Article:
How to Punch Down a Network Ethernet Patch Panel

How to Punch Down a Network Ethernet Patch Panel


Hello, and thanks for visiting. Today we’re going to go over how to punch down a networking patch panel. Now, don’t forget to also check out our YouTube channel for other videos as far as, like, how to make an ethernet cable, or how to terminate a fiber optic cable, product videos, anything low voltage networking. Check us out. Other than that, let’s get to it.
Okay, so we’re going to start off with our Cat5e cable. Now, this is a four pair, 24 gauge cable. And let’s go ahead … Tools you’re going to need, one of the tools, a little pair of electrician snips, and we’re going to go ahead and cut some of this off. Now once the jacket is removed, you’ll notice there’s a pull string in here. We’re going to want to pull some of that back. The reason why we’re pulling some of this back is sometimes with your snips around the point of your cut, you’ll cut into the sheath over the copper conductor, and we don’t want that, we want to avoid that. We’re going to go ahead and pull this jacket down. We’re going to cut a piece of the jacket down over here, and then we’re going to trim some of this off. Now as you noticed, we have four pairs of cable. We have a blue pair, an orange pair, a brown pair and a green pair. Let’s get to our patch panel.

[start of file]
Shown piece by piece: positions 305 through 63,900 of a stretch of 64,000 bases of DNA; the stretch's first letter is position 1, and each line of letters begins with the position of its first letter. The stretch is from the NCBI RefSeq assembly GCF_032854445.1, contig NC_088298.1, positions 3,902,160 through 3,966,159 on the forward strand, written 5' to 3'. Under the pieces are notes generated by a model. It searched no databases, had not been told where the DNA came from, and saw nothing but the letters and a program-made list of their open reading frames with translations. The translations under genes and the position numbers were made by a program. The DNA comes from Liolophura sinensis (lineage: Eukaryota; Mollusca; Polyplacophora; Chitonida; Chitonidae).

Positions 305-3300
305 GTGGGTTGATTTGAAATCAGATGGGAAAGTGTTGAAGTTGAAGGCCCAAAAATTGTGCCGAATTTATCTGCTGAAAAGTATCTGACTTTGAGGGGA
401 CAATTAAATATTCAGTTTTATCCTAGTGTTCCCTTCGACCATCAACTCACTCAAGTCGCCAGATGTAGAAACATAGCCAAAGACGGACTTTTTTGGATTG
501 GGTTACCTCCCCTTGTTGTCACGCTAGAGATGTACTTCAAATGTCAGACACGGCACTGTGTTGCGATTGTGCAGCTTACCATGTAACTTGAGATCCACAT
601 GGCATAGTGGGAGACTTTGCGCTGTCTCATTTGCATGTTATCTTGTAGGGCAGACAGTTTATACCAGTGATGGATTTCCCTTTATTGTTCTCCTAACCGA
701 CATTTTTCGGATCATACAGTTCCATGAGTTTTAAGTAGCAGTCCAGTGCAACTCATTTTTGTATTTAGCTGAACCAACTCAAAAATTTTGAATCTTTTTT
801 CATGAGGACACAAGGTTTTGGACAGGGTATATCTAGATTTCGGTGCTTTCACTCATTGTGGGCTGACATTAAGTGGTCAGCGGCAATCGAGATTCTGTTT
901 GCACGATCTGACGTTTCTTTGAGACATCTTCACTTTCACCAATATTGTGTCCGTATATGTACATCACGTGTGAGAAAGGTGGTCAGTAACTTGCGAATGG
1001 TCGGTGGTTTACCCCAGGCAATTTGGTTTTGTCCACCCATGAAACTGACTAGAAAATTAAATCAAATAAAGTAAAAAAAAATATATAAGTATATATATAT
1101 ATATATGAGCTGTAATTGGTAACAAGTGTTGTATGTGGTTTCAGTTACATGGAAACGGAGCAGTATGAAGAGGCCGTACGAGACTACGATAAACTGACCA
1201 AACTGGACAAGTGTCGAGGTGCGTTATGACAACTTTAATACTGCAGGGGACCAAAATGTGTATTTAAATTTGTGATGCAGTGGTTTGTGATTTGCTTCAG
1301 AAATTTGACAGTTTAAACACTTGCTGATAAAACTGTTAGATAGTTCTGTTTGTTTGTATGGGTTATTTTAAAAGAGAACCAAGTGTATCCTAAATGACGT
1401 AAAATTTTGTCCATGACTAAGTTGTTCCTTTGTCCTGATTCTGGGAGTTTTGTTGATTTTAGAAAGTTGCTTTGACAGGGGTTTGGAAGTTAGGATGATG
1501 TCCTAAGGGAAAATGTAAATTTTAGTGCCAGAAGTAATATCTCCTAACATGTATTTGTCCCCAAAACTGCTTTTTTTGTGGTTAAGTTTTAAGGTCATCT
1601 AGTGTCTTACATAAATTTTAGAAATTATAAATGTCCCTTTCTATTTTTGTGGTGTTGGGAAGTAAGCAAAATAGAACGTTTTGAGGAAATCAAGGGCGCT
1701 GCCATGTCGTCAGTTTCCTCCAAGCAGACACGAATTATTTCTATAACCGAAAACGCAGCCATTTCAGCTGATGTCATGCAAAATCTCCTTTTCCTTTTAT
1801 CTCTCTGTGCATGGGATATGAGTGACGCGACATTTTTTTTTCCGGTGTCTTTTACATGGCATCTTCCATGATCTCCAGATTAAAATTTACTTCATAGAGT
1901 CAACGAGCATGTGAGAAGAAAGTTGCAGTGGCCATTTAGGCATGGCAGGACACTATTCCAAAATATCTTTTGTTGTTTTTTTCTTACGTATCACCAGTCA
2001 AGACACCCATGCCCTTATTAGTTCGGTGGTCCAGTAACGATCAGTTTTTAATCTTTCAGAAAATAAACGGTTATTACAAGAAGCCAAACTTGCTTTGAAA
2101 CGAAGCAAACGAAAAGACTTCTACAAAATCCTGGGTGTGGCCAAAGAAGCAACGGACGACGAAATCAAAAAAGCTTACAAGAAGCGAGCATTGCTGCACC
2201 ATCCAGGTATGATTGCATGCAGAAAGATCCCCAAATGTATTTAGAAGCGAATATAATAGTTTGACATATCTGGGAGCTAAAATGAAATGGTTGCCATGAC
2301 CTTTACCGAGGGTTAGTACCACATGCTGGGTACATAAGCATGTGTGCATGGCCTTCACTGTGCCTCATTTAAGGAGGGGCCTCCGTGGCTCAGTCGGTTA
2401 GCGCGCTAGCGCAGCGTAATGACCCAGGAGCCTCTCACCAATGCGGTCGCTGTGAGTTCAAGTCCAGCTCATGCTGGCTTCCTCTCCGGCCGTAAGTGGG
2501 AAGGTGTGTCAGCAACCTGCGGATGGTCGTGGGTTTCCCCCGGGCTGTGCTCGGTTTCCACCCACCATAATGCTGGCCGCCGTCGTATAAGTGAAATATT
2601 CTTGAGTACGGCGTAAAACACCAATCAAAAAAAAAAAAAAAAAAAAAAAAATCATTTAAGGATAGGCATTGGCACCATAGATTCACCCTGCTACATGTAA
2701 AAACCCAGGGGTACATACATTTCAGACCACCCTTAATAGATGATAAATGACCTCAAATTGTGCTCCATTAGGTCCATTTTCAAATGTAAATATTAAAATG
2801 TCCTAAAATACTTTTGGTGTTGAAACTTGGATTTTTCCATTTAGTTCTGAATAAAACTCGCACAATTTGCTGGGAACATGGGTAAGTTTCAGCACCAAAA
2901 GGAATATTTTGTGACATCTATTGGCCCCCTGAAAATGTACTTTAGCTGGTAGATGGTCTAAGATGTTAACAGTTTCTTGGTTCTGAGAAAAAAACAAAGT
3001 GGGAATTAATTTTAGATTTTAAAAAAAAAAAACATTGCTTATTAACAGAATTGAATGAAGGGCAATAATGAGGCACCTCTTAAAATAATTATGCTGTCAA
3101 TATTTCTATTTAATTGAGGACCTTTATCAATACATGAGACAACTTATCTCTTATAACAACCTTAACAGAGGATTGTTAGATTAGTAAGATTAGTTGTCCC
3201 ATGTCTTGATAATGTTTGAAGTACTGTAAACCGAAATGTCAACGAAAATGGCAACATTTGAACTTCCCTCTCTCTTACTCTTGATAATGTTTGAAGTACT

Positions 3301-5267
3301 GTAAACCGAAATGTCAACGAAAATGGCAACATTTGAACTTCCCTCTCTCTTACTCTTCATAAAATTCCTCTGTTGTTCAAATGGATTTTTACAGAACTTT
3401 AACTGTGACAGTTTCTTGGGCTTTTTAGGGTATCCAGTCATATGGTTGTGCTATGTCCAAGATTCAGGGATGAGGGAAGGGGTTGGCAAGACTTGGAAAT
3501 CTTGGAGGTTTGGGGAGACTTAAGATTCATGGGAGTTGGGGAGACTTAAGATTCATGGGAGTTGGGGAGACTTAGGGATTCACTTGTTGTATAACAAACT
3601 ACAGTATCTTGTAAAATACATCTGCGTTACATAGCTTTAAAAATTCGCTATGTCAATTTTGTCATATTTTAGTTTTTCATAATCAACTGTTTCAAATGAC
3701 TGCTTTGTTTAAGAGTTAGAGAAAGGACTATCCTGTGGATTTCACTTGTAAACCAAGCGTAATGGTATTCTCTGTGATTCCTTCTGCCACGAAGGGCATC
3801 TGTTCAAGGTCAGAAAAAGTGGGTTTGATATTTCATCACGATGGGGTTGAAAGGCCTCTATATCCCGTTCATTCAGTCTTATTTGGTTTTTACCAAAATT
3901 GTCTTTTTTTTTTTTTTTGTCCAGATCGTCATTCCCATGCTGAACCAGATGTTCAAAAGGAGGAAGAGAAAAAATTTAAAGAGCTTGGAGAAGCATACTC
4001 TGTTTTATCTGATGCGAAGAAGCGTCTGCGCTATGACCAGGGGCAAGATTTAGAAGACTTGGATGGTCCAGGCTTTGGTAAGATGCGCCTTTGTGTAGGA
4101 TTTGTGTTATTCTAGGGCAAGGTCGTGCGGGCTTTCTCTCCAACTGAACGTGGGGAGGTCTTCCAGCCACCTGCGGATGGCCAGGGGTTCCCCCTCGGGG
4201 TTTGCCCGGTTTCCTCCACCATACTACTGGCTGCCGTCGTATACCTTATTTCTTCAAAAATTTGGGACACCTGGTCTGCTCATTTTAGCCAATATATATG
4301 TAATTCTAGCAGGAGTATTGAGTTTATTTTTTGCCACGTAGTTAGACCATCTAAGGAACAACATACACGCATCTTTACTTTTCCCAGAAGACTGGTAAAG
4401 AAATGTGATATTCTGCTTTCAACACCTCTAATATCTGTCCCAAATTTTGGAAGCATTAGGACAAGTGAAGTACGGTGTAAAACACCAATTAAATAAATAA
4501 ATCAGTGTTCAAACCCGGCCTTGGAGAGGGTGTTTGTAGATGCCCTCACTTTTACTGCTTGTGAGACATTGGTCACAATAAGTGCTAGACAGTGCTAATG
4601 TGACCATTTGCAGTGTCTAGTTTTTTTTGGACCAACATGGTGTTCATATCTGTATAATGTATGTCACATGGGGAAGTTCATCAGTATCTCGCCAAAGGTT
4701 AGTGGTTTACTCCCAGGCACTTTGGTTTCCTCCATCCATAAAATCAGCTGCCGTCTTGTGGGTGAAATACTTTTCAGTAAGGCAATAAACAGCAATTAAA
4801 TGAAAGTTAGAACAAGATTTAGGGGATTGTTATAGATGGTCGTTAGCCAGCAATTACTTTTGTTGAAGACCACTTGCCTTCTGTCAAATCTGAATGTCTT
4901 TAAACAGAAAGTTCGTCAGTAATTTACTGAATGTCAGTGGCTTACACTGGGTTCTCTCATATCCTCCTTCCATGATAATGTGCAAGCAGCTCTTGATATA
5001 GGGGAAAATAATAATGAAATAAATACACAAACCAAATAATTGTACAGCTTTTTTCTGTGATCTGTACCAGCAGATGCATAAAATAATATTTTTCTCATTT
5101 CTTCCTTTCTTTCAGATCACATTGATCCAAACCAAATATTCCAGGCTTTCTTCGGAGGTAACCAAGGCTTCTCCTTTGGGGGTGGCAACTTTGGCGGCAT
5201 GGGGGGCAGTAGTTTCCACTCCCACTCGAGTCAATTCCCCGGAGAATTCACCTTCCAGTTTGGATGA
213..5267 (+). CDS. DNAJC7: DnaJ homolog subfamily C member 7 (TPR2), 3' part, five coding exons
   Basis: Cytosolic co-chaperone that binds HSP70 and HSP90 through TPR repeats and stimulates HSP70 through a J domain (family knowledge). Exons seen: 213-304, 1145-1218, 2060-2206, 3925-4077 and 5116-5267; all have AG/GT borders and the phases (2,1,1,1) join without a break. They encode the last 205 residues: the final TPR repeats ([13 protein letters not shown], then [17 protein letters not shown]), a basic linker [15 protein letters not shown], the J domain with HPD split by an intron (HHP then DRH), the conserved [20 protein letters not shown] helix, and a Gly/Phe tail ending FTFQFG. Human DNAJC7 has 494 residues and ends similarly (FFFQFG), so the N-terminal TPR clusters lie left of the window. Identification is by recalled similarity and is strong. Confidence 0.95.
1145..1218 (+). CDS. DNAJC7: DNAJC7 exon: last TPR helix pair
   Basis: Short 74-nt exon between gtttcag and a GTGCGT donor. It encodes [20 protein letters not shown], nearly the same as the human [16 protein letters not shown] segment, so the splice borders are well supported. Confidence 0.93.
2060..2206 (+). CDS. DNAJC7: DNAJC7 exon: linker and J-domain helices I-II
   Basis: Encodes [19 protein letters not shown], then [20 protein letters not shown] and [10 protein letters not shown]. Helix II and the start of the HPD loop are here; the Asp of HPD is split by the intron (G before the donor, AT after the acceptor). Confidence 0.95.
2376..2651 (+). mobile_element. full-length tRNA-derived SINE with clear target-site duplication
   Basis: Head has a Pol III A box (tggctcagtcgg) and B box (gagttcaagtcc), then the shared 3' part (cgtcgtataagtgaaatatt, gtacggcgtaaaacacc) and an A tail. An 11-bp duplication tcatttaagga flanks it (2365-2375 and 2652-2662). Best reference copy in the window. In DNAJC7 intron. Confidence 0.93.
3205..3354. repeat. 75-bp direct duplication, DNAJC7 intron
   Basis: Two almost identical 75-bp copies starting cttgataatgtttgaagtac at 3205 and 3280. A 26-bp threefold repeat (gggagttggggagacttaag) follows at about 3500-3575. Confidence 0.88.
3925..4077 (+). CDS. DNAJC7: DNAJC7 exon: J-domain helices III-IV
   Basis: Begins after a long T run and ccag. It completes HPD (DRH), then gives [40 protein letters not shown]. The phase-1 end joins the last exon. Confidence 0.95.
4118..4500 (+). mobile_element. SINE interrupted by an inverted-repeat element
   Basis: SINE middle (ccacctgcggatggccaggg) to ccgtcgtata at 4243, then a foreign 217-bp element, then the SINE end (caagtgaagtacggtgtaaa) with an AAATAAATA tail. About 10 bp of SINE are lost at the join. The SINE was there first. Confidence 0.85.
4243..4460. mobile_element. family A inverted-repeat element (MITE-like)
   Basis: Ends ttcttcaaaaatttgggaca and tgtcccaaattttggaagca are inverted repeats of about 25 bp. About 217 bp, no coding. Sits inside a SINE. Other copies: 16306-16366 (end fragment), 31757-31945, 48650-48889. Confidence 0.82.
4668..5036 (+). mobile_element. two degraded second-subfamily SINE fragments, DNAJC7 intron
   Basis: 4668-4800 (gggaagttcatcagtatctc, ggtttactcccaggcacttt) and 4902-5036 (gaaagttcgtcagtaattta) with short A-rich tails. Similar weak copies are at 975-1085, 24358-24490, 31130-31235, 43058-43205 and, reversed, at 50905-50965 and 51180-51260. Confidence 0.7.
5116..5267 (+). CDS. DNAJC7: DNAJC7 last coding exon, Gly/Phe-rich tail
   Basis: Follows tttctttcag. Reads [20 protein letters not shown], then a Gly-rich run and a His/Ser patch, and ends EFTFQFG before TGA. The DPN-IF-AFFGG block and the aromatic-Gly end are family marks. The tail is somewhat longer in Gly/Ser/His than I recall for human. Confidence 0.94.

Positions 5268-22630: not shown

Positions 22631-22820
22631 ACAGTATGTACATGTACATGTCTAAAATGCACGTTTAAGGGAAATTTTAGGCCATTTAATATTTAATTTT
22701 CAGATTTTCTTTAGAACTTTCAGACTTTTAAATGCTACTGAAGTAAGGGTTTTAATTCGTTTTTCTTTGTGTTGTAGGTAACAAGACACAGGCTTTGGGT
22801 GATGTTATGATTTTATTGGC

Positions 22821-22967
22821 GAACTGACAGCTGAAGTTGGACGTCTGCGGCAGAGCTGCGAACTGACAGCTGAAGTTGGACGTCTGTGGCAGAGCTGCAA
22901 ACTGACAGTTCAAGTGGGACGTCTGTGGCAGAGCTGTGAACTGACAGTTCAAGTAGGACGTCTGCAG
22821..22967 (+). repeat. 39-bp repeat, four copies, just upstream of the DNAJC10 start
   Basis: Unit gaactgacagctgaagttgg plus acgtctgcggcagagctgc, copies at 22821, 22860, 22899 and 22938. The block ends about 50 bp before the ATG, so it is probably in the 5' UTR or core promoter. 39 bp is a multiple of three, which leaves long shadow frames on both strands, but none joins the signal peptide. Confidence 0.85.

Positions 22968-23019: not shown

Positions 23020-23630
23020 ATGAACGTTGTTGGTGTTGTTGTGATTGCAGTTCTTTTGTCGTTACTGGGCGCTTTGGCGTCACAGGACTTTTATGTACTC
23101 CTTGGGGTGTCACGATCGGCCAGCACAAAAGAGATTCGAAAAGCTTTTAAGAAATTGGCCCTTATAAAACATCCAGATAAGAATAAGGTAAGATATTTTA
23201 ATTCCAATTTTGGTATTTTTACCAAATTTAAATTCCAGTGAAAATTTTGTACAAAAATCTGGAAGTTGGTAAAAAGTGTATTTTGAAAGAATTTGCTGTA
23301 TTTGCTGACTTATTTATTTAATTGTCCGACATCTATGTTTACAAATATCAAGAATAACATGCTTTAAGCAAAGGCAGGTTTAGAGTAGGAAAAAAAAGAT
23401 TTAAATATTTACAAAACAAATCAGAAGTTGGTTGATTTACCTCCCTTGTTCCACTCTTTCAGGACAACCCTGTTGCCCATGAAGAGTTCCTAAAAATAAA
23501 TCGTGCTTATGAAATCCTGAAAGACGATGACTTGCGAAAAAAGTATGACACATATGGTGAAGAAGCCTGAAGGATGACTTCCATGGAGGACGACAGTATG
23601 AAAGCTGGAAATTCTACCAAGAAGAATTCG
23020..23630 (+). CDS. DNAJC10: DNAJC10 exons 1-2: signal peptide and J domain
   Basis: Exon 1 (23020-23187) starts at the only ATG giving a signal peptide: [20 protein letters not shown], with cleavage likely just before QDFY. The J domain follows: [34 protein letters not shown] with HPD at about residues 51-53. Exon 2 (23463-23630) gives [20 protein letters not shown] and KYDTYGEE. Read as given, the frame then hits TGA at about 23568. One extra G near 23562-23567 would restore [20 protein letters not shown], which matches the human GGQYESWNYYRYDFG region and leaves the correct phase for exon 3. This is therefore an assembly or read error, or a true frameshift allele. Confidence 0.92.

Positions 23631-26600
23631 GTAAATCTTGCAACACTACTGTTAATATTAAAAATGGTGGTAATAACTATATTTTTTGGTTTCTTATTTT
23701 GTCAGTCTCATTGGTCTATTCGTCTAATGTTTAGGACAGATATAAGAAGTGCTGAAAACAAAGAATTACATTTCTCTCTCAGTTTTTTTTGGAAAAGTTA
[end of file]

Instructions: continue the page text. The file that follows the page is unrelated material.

We have a 24-port patch panel in front of us, CAT5e. You’ll notice that there is a color code on the back of this panel. Now, there is a color code of 568B and 568A. Figure out what you want your wiring to be, but the more common one nowadays is 568B. This is a 110 patch panel. This is the side view of it and I want you to notice that there is eight positions here. When we untwist our four pairs, we’re going to have eight conductors left. This is where we’re going to lace our patch panels into, the conductors are going to slide right in there where there’s this little V group that will hold our cable in place.
Now, we have our four pairs of cable here. Go ahead and untwist the pairs, there we go. Now we have eight conductors of cable. Let’s get back to the patch panel.